Sam Webster's rather charming little book (just over 100 pages) will no doubt appeal to a small but identifiable market: people who have some familiarity (or questions) about both Thelema and Tantric Buddhism. Neither of these paths are particularly mainstream, but some analysis seems maybe overdue and Webster has a not bad go at it.
A nice touch is each chapter beginning as if dedicated to his wife, as if it were written for her alone. The opening words will be, "My Darling," or "Beloved" before he proceeds to tell her "like he thinks it is." While this might sound overly cute, it has a warmth and sense of a mentally loving, devoted frame of mind that is not altogether inappropriate for various spiritual tasks. He shows his scholarship in his interpretation - or re-interpretation - of Thelemic invocations in the manner of the Tibetan Buddhist tradition and vice-versa. His slightly academic approach would seem to demonstrate at least basic understanding of both systems, and his attempt to be all-inclusive with his dedications (effectively hoping the fruits of his work will benefit all humanity) avoids the insularity and 'black brother' syndrome that has been the bane of a great number of would-be thelemites and tantric Buddhists that have fallen by the wayside.
The good points alone are probably enough to justify at least a swift reading of this modestly priced volume if you have done some homework already and know your Scarlet Woman from your Vajra-Yogini. But, for all his obvious learning, I can't help but feel that Sam-ji has skimmed over the fact that both Tantric Buddhism and Thelema (Padmasambhāva or To Mega Therion / Aleister Crowley respectively) traditionally expect the student to spend hours upon hours of mastering basic techniques such as concentration, breathing, sitting still, trance and what-have-you to a fairly high degree. Thelema is not the 'lifestyle' choice of Wicca Pagans, nor is Tantric Yoga the simplistic religion of lighting a few joss sticks and saying a prayer to Lord Buddha.
There is much book knowledge behind the writing, and no small modicum of experience in comparative religion. So how does it promise so much yet deliver something so modest? A clue can be found at page 60 where he adapts the famous Egyptian invocation to his own liking. In his 'wisdom', he decides to replace the powerful key name of the all-important Egyptian priest with his own name (to mention just one of the changes). I won't go into his justification, but it is a clear chink in his armour. By failing to invoke the gatekeeper, he clings to his own sense of self - the very thing that needs to be lost if his invocation is to succeed.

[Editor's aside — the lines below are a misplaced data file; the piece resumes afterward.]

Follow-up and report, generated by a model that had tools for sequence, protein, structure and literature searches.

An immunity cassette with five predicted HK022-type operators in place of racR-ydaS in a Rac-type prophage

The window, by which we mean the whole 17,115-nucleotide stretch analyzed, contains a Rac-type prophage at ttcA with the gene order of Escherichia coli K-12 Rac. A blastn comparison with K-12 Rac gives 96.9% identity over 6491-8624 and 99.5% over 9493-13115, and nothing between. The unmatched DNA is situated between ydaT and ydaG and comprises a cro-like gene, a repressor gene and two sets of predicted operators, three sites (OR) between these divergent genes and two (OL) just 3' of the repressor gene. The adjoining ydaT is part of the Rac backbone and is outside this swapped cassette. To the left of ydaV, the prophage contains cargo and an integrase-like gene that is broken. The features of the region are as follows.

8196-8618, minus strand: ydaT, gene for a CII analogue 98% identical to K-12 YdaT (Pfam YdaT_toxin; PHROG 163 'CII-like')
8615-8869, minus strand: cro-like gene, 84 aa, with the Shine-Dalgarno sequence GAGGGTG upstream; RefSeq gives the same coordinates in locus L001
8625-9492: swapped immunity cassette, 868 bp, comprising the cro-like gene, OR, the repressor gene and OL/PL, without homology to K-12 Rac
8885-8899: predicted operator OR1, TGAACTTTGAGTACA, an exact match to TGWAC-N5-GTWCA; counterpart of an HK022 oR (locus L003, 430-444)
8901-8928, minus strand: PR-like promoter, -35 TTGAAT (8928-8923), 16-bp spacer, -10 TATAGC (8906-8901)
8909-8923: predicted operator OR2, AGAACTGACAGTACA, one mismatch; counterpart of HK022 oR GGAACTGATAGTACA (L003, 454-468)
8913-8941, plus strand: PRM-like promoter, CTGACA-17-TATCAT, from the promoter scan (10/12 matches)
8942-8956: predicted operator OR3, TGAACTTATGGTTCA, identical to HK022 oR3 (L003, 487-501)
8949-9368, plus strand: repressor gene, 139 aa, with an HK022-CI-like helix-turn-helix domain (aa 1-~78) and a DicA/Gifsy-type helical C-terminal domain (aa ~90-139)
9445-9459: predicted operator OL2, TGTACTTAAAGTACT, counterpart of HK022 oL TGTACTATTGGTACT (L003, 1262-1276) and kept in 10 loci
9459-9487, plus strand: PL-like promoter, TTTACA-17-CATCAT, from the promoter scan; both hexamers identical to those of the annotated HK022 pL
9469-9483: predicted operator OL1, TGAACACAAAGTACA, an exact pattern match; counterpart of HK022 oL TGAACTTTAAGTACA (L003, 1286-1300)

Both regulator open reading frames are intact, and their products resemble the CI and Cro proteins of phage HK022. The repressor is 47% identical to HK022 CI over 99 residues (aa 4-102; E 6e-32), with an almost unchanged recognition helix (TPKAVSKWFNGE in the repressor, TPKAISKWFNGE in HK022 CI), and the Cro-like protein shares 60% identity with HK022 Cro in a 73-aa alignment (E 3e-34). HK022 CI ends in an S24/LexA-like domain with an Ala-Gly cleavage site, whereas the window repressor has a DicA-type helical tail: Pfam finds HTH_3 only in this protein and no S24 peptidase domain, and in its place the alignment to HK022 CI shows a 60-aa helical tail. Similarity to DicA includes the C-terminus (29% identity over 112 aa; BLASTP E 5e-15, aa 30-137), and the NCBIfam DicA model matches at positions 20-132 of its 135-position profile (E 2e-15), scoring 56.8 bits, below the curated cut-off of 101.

It is hardly surprising that by the end of the book he is relying not on original writings of Thelema or of Tantra, but on modern interpretations and commercial reprints. We also see the modern trend to re-invent a system of chakkras with corresponding sounds, and even a `Sam Webster guide' to 'sex magic!' The marketing still manages to be more subtle than usual, and his book learning, dropping memes by the score, makes it more convincing than many. It has the warm-and-cuddly feel of a Sogyal Rinpoche book or something from the Theosophists. Any mention of hardcore characters like Aleister Crowley is minimized (readers tend to be frightened off at the thought of spiritual work that demands a training as hard as an army marine and a mental development sufficient to write Ph.D thesis). Sam Webster probably gets on with just about everyone, and seems like a genuinely nice man. His favoured system is 'Open Source' magick - a sort of Linux-while-you-Waite - and it might be churlish to pick faults without acknowledging the insights of his comparative religion approach, which seem mostly valid within their limits.
I'm not sure of the wisdom of invoking Tantric Gods with Egyptian nomenclature, or Egyptian ones with nods to Buddha. It has great possibilities in terms of understanding correspondences - not to mention allowing the author to 'invent' his own system out of different coloured pieces of cloth; but it strikes me as limited in its practical application. On the plus side, it is a nice series of guided meditations - much as you would find in any popular pay-as-you-go Friday night meditation class. One could describe Sam Webster's 'Tanric Thelema' as parlour meditations with nicely exotic trappings of holiness. But at least he has made an attempt, of sorts, in an area that has evaded academic rigour for a long time. It makes an interesting read, and I would struggle to find anything offensive in his work, even if serious students might well be warned off from joining his 'club!'